The common explanation for the variation in the design of cottages between the west and east is that hipped cottages were introduced into Ireland by the Anglo-Normans in the Middle Ages, whilst the roped thatched gabled cottage is an older and more genuine Irish type.

In parts of western Ireland cows were brought into single-roomed houses. In Clare Island in Co. Mayo at the turn of the century only five or six houses out of the total of 120 did not put in cattle and pigs at night in their houses. An observer writing of the village of Kilgever near Westport in 1880 wrote: 'It is a terrible thought that these huge heaps (of manure about the doorsteps) had all been taken from the single rooms, each of which formed a common sty for men, women, children, horses, cows, pigs and poultry. It was characteristic of many small farms that the manure heap was not far from the front door.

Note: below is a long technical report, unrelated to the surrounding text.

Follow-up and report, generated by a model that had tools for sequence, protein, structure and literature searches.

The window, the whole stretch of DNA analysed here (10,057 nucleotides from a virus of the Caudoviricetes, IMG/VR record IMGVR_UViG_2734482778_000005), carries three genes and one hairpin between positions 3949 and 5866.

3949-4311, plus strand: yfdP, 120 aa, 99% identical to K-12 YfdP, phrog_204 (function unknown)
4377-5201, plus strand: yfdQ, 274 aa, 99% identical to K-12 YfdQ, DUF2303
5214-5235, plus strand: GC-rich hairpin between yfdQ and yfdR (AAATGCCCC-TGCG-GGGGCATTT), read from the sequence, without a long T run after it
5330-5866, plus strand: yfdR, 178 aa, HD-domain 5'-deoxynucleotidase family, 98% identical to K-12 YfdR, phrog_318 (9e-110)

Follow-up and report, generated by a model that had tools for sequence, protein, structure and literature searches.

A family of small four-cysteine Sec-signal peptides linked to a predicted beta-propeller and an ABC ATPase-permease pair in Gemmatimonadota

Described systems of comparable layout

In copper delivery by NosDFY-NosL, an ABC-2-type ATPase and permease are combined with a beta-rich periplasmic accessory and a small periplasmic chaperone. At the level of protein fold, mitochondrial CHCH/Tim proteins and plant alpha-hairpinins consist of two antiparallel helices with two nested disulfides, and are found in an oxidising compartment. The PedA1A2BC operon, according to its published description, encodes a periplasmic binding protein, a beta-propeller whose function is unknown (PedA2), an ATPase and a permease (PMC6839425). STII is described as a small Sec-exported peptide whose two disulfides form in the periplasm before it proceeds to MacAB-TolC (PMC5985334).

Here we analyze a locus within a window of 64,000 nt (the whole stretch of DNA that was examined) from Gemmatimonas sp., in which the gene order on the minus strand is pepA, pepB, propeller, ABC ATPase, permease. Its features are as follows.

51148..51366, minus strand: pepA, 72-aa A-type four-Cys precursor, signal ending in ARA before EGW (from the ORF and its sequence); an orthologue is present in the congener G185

When I was a gasur I often heard my Dad tell the story of two women in the Knock Area Gilligan's were their names whom he knew that you used keep the cows and hay in the one room with themselves. They died in suspicious circumstances and there was a full murder investigation launched.

The Garda arrested a suspect from the area and he was up at the Special Criminal Court in Dublin to stand trial. The trial lasted about a week but the Judge came to the conclusion it would be unsafe to convict the suspect as there was not sufficient evidence beyond reasonable doubt. Because of the fact that the two women used have the cows in the same room as themselves and the court could not proof beyond all reasonable doubt that it was not the cows that trampled the two women.